Black granite is all the rage in the interior design world because it has a way of transforming any space into something elegant, dramatic, and classy. Even if you prefer a more rustic atmosphere, a honed finish on black granite countertops can tie together farmhouse sinks and wood-stained cabinets. Black granite creates a stunning backdrop for holiday feasts, family get-togethers, and daily bonding during meal prep. Besides its lovely appearance, black granite is extremely stain-resistant, especially compared to other natural stones.
There are so many varieties of black granite out there that you are sure to find something that fits your design aesthetic. Some of the more popular styles include:
Absolute Black is one of the most popular colors of black granite because it is so simple. If you’re looking for a plain black that will go with anything, Absolute Black is the color for you.
Titanium granite is gorgeous with swirls of gold and white veining. It creates movement and flows from one side of your kitchen to the other, and its eye-catching pattern is sure to be a conversation starter.
Ubatuba is a very popular type of granite, despite its funny name. Technically it’s a very dark green, but it has flecks of white and black and generally reads black.
Irish Black is unique because it is so uniform in its coloring across the slab.
Porto Rosa has rows and rows of thin pink lines running the length of the slab – truly a unique and eye-grabbing option.
Black Taurus is another staggeringly beautiful slab of granite with its creamy layers of white and tan flowing like rivers across the black background.
Black Galaxy looks exactly like you’d imagine: dark black granite with metallic flecks that glitter like the stars in the sky.
How to Keep Them Clean
It’s no secret that dark colors show dirt and dust more than light colors – any cat owner wearing a black shirt can tell you that. Unfortunately, the same goes with black granite slabs, but with consistent cleaning, the granite countertops in your kitchen or bathroom can look like new for years to come.
Using warm, soapy water and a soft rag, wipe down your countertops every day, and then use a dry cloth to buff dry using circular motions. You can also use a gentle, pH-neutral cleaner or ones specifically made for granite. Some cleaners include:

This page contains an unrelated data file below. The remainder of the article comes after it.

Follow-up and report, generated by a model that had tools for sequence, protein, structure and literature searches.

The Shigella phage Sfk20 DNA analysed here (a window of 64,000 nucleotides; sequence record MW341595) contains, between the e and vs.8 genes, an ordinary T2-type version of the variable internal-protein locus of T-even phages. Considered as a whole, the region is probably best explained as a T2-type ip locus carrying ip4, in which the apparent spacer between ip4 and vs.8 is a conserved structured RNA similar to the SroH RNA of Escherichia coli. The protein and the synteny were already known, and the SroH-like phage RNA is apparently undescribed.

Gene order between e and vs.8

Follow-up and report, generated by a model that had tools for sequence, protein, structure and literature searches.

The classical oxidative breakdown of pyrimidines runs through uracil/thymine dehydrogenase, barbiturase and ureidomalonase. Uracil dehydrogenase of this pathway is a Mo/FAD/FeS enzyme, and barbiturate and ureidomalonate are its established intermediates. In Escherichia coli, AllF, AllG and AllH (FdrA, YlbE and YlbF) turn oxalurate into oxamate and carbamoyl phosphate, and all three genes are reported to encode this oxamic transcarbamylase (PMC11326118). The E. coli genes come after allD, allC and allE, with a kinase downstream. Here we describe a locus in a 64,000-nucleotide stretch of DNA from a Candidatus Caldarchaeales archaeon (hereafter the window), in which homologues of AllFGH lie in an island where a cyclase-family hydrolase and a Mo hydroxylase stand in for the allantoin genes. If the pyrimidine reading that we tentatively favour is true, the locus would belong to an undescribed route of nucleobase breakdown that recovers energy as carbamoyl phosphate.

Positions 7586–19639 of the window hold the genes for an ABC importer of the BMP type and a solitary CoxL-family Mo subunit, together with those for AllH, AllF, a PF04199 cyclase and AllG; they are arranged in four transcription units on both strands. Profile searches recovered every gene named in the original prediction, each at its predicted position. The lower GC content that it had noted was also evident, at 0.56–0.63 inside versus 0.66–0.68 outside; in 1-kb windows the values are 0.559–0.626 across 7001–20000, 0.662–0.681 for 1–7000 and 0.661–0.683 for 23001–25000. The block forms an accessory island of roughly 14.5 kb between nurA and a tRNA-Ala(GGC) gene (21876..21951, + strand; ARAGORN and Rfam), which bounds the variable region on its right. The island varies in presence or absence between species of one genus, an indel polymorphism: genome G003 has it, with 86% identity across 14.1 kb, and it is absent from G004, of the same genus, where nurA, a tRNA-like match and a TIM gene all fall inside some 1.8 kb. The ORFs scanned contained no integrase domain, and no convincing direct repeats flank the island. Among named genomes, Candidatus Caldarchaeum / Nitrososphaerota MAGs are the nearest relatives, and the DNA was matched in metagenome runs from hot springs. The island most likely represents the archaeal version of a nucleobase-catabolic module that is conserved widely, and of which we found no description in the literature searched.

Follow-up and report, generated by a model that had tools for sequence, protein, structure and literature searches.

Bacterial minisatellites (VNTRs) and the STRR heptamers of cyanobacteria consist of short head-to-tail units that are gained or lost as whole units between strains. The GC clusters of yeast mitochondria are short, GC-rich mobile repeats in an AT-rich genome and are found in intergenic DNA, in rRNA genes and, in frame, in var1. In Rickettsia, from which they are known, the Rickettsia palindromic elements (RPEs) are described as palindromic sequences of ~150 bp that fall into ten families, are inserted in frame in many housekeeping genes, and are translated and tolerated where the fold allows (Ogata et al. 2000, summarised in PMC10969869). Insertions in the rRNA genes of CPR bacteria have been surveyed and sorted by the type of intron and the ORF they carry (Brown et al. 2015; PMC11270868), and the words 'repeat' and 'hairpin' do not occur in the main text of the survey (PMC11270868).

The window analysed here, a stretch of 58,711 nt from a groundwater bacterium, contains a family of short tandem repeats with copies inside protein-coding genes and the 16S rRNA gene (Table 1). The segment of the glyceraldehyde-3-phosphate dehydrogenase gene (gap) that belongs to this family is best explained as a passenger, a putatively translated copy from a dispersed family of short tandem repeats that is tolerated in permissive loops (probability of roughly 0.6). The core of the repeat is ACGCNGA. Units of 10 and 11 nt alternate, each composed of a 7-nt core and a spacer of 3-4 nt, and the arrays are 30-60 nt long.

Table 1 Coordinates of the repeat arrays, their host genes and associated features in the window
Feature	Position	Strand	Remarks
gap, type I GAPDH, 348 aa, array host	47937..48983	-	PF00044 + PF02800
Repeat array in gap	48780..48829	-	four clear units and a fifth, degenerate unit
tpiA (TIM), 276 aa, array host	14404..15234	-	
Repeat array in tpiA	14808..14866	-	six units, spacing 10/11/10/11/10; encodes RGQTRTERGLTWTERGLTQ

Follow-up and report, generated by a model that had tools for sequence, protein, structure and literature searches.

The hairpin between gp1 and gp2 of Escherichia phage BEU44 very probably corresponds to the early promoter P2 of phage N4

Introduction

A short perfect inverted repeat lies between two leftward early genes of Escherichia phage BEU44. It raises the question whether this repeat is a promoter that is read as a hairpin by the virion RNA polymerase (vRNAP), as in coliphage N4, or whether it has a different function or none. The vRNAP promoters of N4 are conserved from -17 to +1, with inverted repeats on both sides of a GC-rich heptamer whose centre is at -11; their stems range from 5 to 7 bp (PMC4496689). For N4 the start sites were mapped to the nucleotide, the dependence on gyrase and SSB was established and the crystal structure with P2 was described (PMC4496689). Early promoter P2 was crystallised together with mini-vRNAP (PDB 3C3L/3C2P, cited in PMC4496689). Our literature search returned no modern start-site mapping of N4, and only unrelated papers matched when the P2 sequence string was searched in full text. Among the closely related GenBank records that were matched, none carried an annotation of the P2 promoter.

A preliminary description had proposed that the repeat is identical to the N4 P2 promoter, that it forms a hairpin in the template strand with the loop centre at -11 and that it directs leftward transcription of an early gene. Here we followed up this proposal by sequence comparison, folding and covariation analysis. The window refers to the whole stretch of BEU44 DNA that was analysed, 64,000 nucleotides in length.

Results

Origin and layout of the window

- Black Diamond Stoneworks Granite Cleaner
- Seventh Generation Stone Cleaner
- Method Granite Cleaner
- Diluted bleach
- Diluted ammonia
- Granite Gold Granite Cleaner
- Weiman Granite Cleaner
Whatever cleaning agent you choose, be sure to follow the directions on the back of the product before you apply so that you’re completely disinfecting the surface without harming the granite itself.
At least once a week, move all of the appliances and other items off of your granite countertops, and wipe down the whole surface using soapy water. You can then pour a little denatured alcohol into a clean rag and wipe down the surface to eliminate any remaining grease or grime. That final step will bring your countertops back to their original shine.
Depending on whether you choose a glossy or honed finish, you may want to polish your granite countertops at least once a month. A honed finish looks almost like it has been through a rock tumbler with a slightly matte, rustic surface. Honed finishes don’t need to be polished, but you will want to do a surface polish to a glossy finish every few months. Look for a granite polishing spray to help with this.
How do you know if you should seal your black granite?
Interestingly, black granite is significantly denser than other types of granite, and many manufacturers either don’t seal it or seal it once and don’t recommend resealing. Black granite’s density makes it so that the sealer won’t penetrate the stone the way it will other, lighter colors of granite. If you try sealing it on your own and it doesn’t need it, you might end up with whitish, hazy streaks that are extremely difficult to remove.
You should not seal your black granite countertops unless they need it, and the only way to know if they need it is to test the granite in an inconspicuous area. Either dispense a couple of drops of lemon juice onto the surface or pour on a little bit of water and wait for a few minutes. If the water absorbs right away, you should apply a sealer at your earliest convenience and check again in a year. If it takes five or so minutes, you should reseal, but you shouldn’t have to seal it again for three or more years. If it takes 10 minutes, you should apply a sealer, but you shouldn’t need to seal it again for more than five years. If it doesn’t absorb after a half-hour, you don’t need to seal it at all.
Black granite countertops don’t have an equal in terms of elegance and class. They go with just about every kitchen design you can imagine, and they look gorgeous to boot. If you’re looking to renovate your kitchen or bathroom in the Denver area, check out our online inventory of black granite slabs to see what we can do for you.